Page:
City Lit also has its own share of famous faces gracing its corridors, with David Bowie, actors Steven Berkoff and Richard Wilson, authors Jake Arnott and Jenny Colgan, comedian Jimmy Carr and Britain’s first female Muslim comic, Shazia Mirza, all attending the college.



Award Win

Further Education Pursued


Golden Globe - Best Performance by an Actress in a Motion Picture [Musical and Comedy]

Journalism and Women's Studies/Mandarin - University at Albany, SUNY

Bong Joon Ho

Oscar - Best Director

Studied Sociology at Yonsei University, Seoul


Brit Award - Album of the year for ‘Psychodrama’

Studied Law, Philosophy and Ethics at Richmond Upon Thames College


Grammy - Best Pop Solo Performance [Truth Hurts]

Studied classical music focusing on flute at the University of Houston.

Renee Zellweger

Golden Globe, Critic’s Choice, Bafta, Oscar - Actress in a leading role

BA (Hons) in English Literature at UT Austin

Hildur Gudnadottir

Golden Globe - Best Original Score - Motion Picture [Joker]

Composition and New Media, Iceland Academy of Arts, Berlin University of Arts

Greta Gerwig

Critic’s Choice Award - Best Adapted Screenplay [Little Women]

Graduated from Barnard College with a degree in English and Philosophy

Roger Deakins

Critic’s Choice Award – Best Cinematography [1917]

Deakins applied to the newly-opened National Film School, but was denied admission as his photography was considered not "filmic" enough. He spent the following year wandering the countryside, photographing rural life in North Devon, before finally being admitted to the National Film School in 1972.



International movie superstar, Idris Elba, spent the time playing his guitar whilst he, and his wife, Sabrina, revealed that they passed their coronavirus quarantine.


The star of Luther, Mandela, Fast, Pacific Rim and Thor: The Dark World, spent two weeks in isolation after testing positive for the Covid-19 virus while shooting in New Mexico for a new film due for Netflix.


They kept themselves entertained whilst housebound as they got involved in the latest Tik Tok challenge – dubbed ‘Bored in the House’.


Idris, 47, made the most of the lockdown as he played his guitar whilst he was chilling out on the sofa.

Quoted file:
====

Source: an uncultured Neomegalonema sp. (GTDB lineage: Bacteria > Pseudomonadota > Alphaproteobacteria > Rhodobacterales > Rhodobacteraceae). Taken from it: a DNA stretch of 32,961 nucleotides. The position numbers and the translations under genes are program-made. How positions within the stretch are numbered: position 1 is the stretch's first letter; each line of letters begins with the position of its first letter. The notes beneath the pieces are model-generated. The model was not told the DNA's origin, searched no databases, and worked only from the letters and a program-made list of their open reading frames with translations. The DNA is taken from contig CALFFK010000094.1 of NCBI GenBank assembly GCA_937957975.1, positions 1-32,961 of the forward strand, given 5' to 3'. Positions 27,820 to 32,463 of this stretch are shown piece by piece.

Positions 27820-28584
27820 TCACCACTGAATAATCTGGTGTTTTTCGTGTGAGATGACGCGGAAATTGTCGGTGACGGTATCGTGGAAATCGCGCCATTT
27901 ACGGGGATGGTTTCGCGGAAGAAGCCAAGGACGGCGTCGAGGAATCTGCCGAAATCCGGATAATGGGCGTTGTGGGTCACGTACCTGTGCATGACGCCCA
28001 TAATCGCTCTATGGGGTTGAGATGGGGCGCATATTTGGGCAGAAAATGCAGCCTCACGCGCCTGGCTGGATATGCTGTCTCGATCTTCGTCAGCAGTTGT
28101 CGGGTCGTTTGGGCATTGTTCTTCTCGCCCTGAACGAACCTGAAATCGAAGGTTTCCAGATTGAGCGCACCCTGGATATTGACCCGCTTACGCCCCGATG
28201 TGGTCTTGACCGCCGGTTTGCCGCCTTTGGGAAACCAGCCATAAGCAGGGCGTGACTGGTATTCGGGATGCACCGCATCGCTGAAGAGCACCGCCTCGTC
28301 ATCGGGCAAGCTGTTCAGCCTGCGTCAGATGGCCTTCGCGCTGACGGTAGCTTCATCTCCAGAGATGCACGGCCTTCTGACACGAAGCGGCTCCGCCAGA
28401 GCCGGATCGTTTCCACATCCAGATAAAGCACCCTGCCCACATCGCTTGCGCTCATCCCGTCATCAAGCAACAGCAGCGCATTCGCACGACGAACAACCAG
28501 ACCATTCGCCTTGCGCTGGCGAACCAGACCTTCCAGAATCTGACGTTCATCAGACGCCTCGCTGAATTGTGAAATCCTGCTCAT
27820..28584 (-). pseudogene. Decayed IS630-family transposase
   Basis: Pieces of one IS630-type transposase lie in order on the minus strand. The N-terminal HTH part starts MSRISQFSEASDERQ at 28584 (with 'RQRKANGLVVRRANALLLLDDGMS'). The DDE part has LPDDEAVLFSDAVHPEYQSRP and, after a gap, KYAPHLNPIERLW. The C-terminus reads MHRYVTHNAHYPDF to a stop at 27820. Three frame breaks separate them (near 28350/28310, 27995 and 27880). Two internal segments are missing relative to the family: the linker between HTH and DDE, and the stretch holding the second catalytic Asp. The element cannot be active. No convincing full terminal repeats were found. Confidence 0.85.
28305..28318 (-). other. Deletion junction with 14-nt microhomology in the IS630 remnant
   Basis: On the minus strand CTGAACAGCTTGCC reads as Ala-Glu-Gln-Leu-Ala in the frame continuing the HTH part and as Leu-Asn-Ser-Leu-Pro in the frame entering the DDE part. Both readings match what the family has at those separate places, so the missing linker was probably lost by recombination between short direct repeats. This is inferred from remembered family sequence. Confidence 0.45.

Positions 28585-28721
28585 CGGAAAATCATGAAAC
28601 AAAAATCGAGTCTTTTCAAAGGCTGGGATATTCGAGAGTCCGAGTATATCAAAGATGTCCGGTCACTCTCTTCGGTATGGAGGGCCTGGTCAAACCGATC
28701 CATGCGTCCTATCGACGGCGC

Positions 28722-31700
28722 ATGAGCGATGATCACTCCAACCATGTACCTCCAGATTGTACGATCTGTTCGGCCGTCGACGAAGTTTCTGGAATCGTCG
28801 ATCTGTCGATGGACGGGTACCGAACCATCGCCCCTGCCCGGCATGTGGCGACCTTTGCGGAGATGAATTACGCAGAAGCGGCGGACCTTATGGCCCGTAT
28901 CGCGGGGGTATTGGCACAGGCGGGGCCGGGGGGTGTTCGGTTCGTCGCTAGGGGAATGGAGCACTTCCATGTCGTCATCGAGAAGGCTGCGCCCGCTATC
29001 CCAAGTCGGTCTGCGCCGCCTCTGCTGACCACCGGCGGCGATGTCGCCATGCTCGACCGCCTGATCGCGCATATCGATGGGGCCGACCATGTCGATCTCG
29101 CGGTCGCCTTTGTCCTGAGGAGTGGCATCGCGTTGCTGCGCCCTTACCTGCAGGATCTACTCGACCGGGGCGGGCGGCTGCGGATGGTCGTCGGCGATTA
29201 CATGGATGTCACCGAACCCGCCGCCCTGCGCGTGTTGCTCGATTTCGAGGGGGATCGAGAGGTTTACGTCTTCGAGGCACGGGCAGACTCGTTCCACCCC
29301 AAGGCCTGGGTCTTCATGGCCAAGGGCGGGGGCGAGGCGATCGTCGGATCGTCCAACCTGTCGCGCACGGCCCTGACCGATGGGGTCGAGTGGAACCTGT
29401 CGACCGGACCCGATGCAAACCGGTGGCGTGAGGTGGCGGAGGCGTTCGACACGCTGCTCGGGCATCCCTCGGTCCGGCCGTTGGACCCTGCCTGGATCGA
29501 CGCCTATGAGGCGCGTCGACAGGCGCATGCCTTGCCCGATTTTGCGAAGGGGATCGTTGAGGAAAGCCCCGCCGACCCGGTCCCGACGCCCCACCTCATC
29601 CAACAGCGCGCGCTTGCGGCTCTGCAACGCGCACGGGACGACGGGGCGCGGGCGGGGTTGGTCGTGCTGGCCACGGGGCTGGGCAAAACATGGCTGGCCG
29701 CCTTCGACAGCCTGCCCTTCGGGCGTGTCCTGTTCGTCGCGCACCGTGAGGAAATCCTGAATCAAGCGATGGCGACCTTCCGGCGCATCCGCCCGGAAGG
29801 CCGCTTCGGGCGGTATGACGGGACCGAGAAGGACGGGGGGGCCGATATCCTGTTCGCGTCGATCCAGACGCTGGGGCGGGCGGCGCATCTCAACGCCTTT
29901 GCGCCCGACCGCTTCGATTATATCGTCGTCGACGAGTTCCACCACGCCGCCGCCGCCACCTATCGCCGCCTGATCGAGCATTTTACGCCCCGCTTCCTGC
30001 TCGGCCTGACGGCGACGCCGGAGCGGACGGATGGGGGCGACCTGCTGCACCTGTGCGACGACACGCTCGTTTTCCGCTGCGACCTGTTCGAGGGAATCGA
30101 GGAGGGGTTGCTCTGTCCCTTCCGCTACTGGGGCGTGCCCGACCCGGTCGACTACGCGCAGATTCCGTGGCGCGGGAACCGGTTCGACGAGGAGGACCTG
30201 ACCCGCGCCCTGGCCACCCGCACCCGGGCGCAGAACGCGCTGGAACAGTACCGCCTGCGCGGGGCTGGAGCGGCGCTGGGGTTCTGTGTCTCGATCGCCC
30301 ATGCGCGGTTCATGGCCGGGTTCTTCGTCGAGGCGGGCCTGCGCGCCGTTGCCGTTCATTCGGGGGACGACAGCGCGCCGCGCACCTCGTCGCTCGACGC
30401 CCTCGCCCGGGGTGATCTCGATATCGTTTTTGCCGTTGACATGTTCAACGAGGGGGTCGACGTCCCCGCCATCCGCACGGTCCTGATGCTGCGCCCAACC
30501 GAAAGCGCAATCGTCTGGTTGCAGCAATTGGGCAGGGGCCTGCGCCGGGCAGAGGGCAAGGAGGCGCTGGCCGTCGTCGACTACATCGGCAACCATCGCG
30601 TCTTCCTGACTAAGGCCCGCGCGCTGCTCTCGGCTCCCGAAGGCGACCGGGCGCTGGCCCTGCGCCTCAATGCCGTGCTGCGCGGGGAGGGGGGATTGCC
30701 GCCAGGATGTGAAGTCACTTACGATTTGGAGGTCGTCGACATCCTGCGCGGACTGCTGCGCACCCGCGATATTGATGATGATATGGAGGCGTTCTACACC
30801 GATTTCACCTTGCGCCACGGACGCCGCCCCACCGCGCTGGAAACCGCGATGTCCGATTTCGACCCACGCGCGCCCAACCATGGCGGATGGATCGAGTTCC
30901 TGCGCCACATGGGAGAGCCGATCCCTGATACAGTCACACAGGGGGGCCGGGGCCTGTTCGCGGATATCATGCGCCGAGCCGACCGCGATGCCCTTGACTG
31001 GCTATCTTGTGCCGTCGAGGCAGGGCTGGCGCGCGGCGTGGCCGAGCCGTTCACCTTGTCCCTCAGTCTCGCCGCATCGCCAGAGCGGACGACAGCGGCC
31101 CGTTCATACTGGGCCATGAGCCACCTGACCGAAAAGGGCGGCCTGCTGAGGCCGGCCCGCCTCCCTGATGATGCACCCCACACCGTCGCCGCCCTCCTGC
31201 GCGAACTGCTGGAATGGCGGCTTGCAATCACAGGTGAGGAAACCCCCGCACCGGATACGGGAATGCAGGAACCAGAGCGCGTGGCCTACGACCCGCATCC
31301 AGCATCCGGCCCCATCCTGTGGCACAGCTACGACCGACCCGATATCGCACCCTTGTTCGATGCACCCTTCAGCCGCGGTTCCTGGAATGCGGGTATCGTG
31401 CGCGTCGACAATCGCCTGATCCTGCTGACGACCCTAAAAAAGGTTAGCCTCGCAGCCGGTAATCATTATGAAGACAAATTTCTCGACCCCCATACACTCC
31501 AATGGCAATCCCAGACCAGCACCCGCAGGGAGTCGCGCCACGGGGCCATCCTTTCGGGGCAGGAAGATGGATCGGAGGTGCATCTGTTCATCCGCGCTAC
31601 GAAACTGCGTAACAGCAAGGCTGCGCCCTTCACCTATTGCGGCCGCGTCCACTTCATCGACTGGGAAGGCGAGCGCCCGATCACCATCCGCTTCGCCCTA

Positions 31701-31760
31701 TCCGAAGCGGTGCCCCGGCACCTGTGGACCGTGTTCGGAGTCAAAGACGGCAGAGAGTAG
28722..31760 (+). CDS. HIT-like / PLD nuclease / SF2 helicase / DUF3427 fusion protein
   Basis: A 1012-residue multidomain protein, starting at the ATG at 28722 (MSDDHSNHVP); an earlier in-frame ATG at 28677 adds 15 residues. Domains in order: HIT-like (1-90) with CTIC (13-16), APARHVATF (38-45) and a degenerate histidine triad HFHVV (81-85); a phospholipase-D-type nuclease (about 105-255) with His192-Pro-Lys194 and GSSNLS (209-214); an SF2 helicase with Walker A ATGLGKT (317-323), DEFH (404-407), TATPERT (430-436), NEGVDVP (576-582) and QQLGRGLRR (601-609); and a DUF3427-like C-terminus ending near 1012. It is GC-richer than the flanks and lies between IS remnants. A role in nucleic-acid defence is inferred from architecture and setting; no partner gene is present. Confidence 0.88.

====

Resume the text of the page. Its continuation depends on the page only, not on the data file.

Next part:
Although they both passed their coronavirus quarantine period, they are currently stuck in the US awaiting a flight back to the UK.

To mark World Theatre Day (Friday 27 March), the Royal Shakespeare Company (RSC) invited people to join a live ‘watch along’ from their living rooms on Saturday 11 April of a recording of their 2017 production of Shakespeare’s comedy ‘Twelfth Night’, featuring Adrian Edmondson as Malvolio and Kara Tointon as Olivia.

The production will premiere on Marquee TV on Saturday 11 April, with the watch-along starting at   (UK time).

Marquee TV, the international multi-genre performing arts streaming service, working with the RSC and other arts organisations, is responding to the current closure of theatres by offering everyone a no obligation free 30 day trial to watch some of the best in theatre, dance and opera.  There are already 17 RSC productions available to stream, including ‘Richard II’ and ‘King Lear’ with, respectively, David Tennant and Antony Sher in the title roles.

Marquee TV will also be streaming ‘premieres’ of productions that are new to the platform, including ‘Twelfth Night’, each Saturday. 

The RSC is inviting everyone to join the ‘watch along’ by posting their comments live on Twitter during the performance. People can get involved by following the RSC - @theRSC - and by using the hashtag  #AlmostLiveFromTheRSC

Directed by Christopher Luscombe and set in 1890s England, ‘Twelfth Night’ originally opened in the Royal Shakespeare Theatre, Stratford-upon-Avon in November 2017. As with all of its Shakespeare productions since 2013, the RSC also broadcast Twelfth Night into cinemas across the world and into schools for free.